In Ethiopia, a forgotten refugee in her own land

The rain beats loudly on the metal roof of Amina Yuya’s new home, as her neighbours hastily gather clothes from a washing line and bundle a foam mattress through a doorway to escape the downpour.

Under the glow of a single light bulb, Amina tells the story of her flight from the eastern Ethiopian town of Jijiga, the capital of Ethiopia’s Somali region, almost exactly two years ago.

“They came at night at around 7pm,” she recalls, as the youngest of her seven children squirms on her lap. “There was about 10 or 15 of them. They dragged us from our home and began beating us. They set houses on fire and killed three of my neighbours. I was lucky to escape.”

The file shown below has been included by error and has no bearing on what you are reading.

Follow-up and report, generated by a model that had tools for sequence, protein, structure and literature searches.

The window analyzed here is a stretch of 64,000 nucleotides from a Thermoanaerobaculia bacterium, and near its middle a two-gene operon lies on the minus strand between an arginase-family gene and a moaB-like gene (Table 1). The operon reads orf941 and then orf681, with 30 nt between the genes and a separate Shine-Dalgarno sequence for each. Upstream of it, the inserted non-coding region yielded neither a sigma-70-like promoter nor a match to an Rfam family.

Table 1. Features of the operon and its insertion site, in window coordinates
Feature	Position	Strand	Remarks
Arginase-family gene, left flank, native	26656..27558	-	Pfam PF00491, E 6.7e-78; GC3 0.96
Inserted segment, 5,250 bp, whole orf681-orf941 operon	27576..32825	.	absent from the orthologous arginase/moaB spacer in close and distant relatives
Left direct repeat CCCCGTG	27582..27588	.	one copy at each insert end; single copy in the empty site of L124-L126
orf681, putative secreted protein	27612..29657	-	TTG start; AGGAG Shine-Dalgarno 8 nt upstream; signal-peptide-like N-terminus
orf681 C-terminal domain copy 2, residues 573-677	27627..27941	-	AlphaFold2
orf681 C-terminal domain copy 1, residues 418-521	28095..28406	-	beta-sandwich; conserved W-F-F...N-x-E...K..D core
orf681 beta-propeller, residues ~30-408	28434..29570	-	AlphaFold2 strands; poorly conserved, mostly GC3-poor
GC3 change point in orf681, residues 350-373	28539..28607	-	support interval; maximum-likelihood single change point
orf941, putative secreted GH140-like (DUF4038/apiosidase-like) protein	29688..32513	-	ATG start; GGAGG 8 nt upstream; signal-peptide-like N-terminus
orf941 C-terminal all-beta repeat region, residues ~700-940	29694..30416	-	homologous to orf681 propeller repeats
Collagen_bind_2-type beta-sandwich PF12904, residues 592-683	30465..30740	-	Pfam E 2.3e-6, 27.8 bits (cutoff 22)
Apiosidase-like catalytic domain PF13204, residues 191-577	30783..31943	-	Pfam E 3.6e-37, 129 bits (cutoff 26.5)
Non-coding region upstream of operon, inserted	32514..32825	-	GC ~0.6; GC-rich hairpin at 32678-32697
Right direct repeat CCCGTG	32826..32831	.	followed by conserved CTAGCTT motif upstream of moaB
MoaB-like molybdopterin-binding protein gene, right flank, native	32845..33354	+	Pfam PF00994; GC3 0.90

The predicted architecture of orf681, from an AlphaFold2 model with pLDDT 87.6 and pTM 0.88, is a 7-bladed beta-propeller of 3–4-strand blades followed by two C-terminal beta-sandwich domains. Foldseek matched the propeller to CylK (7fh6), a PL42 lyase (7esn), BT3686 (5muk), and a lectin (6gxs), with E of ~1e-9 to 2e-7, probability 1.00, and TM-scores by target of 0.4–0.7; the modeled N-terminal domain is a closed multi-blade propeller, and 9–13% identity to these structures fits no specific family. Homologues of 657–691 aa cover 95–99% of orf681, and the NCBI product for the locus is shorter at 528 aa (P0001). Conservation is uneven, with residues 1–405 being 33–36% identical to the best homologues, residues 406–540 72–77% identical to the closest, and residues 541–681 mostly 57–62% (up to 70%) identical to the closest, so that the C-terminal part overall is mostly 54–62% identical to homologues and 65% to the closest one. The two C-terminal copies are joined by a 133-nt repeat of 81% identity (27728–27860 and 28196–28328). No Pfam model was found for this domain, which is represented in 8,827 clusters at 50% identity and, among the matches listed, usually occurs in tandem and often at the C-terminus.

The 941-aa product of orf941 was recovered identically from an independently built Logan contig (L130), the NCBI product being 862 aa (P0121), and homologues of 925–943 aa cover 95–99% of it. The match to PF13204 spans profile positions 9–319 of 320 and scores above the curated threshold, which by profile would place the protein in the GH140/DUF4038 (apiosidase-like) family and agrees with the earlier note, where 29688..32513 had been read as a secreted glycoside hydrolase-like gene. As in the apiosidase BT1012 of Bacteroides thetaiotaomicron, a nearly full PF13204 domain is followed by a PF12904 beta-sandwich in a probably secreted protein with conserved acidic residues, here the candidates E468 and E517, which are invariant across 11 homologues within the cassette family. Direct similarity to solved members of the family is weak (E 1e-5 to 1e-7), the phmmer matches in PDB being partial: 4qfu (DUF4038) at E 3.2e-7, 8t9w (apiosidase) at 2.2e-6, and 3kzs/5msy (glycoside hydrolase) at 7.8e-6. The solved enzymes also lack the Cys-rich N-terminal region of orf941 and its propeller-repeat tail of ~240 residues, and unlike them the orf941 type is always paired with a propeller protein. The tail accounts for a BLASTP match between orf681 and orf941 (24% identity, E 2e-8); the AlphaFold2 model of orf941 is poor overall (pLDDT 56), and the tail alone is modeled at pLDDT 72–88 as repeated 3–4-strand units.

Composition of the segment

She does not know what happened to her husband that night but she assumes he, too, was killed.

The 35-year-old mother was one of tens of thousands of ethnic Oromos chased from their homes by armed gangs in eastern Ethiopia two years ago.

During 2017 nearly one million people were displaced following clashes between ethnic Oromos and ethnic Somalis in Ethiopia’s Oromia and Somali regions.

Hundreds were killed, on both sides, mostly by regional security forces.

Amina fled with her children to a camp for internally displaced persons (IDPs), where she stayed for seven months.

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